My problem is that as the writer suggests such a product could increadingly become a logical one depending upon what it is used for and who is using it. Added cost and unacceptable compromise is the main argument against but if that is being erased (a big if) then it could be the right solution. In that scenario how foes Apple get through the perceived capitulation?

        1. The iPod was not the first portable audio file player, nor was the iphone the first smart phone (Treo). Even thr iPad was not the first tablet. They were simply the best, and not because they mimicked other products but because they executed the technology much better. They just worked.

          I would like Apple to make the touch screen Mac, so that it “just works” in a way better than Windows ever could.

          I know Apple could do it.

          Why not?

    2. When Apple has a one device operating system is when we’ll see a touchscreen Mac. Not until then.

      An example: a multi-touch 32″ iMac that has an innovative hinge that you can position close into yourself and touch the screen to interact with it.

      These would also have mouse and pen input.

  2. As a long time Mac user since the Mac 512k and the early “Mac Portable”, it is time for radical update.

    Take the entire palm rest, track pad/click area and turn it into a giant iPhone touch screen. Let me put accessory apps, notifications, etc on those screens, just like the iPhone.

      1. It obviously would be able to be turned on and off.

        We seem to deal with “fingerprint goop” on our devices today without issue, so I don’t see it as an issue. It you get crap on your keyboard, you need to use the sink more.

        Seriously, the surface is already there. Why not let the user configure it as desired. Each user would put up what he needed, whether it was the weather, notes, an app.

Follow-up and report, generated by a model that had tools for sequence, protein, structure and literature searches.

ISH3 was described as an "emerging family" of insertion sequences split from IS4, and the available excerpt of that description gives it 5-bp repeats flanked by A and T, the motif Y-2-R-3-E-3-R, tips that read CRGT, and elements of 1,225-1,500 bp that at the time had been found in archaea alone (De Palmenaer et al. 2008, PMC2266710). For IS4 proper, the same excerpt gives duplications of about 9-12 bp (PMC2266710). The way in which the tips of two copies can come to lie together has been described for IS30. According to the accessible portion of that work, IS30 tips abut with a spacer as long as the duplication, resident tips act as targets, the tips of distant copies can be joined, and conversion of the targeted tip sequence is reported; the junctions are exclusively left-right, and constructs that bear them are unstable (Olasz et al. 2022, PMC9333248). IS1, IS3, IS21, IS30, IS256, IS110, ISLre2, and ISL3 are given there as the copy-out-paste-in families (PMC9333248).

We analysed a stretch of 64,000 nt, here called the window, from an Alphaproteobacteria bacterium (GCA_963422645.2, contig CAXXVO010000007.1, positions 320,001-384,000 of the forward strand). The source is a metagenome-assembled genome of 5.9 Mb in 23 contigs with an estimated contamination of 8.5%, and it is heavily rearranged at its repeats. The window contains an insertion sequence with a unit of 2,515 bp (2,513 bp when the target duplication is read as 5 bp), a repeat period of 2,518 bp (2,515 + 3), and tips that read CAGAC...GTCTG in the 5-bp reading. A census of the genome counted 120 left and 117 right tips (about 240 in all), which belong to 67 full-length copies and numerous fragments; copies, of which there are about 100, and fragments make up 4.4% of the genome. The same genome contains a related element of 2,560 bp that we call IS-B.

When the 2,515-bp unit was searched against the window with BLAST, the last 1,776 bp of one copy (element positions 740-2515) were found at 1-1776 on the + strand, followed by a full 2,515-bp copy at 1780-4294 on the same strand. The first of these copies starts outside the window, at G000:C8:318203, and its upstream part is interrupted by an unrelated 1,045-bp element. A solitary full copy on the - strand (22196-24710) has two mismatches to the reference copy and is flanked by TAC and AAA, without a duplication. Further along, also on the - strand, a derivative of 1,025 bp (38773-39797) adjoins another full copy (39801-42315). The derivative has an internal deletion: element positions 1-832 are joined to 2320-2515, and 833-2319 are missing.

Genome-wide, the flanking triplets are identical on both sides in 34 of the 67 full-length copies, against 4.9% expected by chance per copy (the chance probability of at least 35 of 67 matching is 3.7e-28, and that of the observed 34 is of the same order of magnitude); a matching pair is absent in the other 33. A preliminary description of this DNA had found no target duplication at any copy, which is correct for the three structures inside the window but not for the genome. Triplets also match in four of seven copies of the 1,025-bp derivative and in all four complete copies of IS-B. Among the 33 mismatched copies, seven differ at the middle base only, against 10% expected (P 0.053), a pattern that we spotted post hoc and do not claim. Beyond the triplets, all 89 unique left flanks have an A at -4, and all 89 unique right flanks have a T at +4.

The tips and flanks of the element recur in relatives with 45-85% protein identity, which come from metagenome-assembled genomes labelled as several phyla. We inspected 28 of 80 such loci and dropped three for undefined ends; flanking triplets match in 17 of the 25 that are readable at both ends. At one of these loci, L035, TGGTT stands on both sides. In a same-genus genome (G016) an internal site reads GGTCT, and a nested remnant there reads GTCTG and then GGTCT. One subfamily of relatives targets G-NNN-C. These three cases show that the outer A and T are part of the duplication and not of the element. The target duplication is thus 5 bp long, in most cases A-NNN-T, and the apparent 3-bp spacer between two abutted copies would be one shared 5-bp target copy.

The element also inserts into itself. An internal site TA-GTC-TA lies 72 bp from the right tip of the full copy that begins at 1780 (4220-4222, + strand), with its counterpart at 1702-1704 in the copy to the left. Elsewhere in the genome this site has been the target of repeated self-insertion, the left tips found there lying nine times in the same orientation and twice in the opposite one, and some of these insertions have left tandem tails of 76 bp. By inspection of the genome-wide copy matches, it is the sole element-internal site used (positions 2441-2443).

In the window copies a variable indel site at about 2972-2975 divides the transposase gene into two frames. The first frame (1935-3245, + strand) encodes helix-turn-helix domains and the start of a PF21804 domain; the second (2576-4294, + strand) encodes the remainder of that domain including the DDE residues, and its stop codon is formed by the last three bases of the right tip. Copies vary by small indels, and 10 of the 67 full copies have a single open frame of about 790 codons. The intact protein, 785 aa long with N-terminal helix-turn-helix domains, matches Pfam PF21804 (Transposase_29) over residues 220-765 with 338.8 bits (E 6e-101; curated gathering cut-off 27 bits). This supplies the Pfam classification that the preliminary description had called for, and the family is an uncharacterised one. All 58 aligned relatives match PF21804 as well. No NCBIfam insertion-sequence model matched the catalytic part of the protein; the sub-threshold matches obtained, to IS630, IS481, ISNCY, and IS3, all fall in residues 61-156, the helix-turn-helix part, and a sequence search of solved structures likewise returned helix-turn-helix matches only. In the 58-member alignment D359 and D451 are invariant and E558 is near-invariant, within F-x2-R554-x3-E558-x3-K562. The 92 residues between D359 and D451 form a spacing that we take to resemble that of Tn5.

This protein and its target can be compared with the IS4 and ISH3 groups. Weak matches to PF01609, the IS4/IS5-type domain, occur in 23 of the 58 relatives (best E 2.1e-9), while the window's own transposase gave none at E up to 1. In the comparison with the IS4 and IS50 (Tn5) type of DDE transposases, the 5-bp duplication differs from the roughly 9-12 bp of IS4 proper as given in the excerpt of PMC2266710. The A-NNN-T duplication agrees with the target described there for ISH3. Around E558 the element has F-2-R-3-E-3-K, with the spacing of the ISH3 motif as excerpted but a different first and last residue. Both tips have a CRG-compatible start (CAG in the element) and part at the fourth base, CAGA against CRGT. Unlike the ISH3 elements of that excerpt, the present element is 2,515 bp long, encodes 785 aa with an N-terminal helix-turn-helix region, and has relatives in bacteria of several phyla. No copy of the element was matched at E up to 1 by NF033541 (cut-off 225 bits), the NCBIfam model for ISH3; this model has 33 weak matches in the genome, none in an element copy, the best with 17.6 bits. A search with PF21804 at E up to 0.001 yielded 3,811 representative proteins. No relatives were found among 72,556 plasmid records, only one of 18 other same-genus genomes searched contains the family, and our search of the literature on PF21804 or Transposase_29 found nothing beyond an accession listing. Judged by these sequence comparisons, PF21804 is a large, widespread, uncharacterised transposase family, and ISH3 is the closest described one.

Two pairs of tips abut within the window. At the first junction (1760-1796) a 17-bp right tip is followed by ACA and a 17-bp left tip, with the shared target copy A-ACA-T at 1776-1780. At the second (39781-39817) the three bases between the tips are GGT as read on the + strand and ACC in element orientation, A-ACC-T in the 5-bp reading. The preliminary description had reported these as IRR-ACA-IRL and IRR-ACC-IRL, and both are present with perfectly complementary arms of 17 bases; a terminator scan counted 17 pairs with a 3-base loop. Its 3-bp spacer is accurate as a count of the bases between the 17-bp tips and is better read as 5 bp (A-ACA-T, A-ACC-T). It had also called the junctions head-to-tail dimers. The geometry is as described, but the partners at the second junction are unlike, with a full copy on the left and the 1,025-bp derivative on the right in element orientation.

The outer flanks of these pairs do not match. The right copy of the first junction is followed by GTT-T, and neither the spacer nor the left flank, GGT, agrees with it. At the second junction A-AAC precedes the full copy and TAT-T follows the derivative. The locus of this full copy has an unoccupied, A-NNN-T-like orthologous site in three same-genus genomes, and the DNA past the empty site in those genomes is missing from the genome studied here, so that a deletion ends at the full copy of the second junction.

Speaking of Apps, why shouldn’t you be able to run iPhone/iPad apps on your MacBook Pro? It is called “Pro” is it not?

  3. When will we see a touchscreen Mac?

    Hopefully never.

    Multi-Touch, once you learn the majority of the multi finger moves (many of which seem seem very intuitive) that are associated with Multi-Touch you can do virtually anything that you can do on a touch screen (except maybe something like constantly smudge the screen).

    It would seem that the author of this article has never tried to learn the Multi-Touch actions. I will confess that when Multi-Touch initially came out I was very skeptical about its ease of use. I’ve been a hardcore mouse user (even on laptops) since Apple first started shipping mice. However, I rapidly became an avid Multi-Touch fan.

    1. I remember telling a Linux friend about how much I like using the Apple touchpad, after he told me that he only uses a mouse.

      I don’t know if it is a problem with the hardware or the software (or both) on his laptop computer, but I came to understand why he detests what passes for a touchpad on the Windows/Linux side.

    1. The iPad is meant to be handled, carried around, used on a moment’s notice. My desktop is not designed for that type of use. A keyboard and trackpad work absolutely fine. Hard enough time keeping the screen clean as it is,

      1. Exactly. A tablet and phone are handheld devices. Desktops and laptops are not. It’s inherent in the nature of both types of devices why a touch screen works so well with the former and not the latter.

        It’s nor so much the nature of the work you do on one or the other, as it is HOW you use the device.

        And ergonomics. Can you imagine what your shoulders and arms would feel like after spending the day working in front of a 32″ touchscreen?

        Ow.